6.jpg6. Sydney beach house a sophisticated symphony of light, space and sandstone

    Awash with natural light, Eurhythms at Coogee is the quintessential sophisticated beach house. Wide eaves, skylights and carefully placed windows direct the abundant sunlight in a slow symphony throughout the home. The play of shadows it creates is an artwork sufficient in itself to adorn the serene surfaces.

    The warm and inviting sandstone of the heritage wall at the front of the property sets the tone for this design, which exudes subtle coastal elegance. 

    7.jpg7. The otherworldly nature of Life on MAARS

    An existing late 1970s dwelling in Perth – largely of masonry (brown brick with concrete floors) – offered good thermal mass qualities, but was inward looking and had generally low ceilings. It didn’t make the most of its surrounding natural environment, and therefore, needed a little bit of work.

    This is where Maarch came into the picture. The architecture firm’s solution was a steel, glass and timber box that extends the house north into the bush. It has also allowed for breakout spaces for outdoor living.

    8.jpeg8. Has prefab disrupted the building industry?

    It’s been said that all industry disruptors are innovators, but not all innovators are disruptive. With prefabricated construction, the question of whether this 21st century process has truly shaken up Australia’s building industry is one with no clear answer.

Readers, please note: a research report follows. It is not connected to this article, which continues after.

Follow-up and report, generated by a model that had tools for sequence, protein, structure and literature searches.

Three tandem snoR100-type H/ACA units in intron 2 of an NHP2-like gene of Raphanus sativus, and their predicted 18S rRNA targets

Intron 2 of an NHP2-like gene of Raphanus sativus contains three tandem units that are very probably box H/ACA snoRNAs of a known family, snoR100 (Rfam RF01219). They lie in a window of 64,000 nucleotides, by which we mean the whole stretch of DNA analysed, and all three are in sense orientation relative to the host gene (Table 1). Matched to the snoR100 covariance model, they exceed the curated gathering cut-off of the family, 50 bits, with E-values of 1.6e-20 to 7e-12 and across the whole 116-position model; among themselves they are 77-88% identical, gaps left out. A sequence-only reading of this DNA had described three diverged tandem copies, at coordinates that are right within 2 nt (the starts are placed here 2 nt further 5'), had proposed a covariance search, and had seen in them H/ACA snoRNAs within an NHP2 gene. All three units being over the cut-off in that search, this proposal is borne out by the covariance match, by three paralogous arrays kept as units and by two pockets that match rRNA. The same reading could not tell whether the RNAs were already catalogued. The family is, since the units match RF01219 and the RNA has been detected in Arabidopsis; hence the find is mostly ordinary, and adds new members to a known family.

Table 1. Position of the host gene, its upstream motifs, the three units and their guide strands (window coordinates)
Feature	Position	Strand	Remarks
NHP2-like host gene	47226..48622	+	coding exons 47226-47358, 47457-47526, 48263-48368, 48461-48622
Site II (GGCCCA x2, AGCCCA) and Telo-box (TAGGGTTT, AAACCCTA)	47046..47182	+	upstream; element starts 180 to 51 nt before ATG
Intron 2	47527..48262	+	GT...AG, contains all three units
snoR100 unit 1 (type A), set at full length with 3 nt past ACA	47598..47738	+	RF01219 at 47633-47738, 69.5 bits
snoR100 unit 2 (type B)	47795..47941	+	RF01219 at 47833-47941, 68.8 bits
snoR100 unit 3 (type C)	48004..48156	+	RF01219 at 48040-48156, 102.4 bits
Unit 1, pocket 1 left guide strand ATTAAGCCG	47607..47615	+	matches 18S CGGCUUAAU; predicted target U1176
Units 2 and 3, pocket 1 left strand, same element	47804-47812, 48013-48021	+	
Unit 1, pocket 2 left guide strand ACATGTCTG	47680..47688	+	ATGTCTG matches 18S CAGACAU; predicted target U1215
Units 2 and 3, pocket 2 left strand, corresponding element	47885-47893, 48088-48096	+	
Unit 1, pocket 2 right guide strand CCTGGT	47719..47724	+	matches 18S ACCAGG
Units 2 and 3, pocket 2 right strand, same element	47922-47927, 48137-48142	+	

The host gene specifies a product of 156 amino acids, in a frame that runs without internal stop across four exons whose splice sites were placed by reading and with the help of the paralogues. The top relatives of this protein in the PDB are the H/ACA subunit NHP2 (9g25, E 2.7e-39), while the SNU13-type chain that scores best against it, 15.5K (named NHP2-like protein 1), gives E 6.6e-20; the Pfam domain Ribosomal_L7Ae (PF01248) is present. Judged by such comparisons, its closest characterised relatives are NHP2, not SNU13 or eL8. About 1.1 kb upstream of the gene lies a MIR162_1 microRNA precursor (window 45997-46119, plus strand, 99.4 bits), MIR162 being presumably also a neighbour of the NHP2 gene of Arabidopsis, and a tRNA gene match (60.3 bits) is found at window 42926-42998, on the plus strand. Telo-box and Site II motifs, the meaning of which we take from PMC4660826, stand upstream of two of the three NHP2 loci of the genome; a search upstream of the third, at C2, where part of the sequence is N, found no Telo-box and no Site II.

On the one hand, there has been a growing buzz around prefab design – the umbrella term given to any structural, architectural or service elements that are fabricated offsite in a factory. Some call it pre-built construction, others off-site construction. Then there’s modular construction, where individual prefab units are connected and built up to form an overall structure.

    9.jpg9. The unexpected peace of Malvern East 3

    The conceptual framework that Pleysier Perkins Architects conceived for Malvern East 3 was simple in theory, but required nuance in its execution. The original home was the product of a 1980s pet project, led by an engineer who had designed and built the house by (and for) himself. Although the present-day occupants wanted to retain as much of the original building fabric as possible, their needs were different – more modern, more familial – than the original scope allowed for.

     

    10.jpg10. Designing a home that gets right to the point

    A block of land – whatever the shape or size – is one of the many factors that will determine the overall design of an architectural project. This is no ground-breaking news.

    Some sites, though, are just a bit more unconventional. Take the Triangle House for instance. Built on a 180-square-metre triangular-shaped block in Perth, the three-cornered home is an example of what can be achieved with clever design on the most challenging of sites.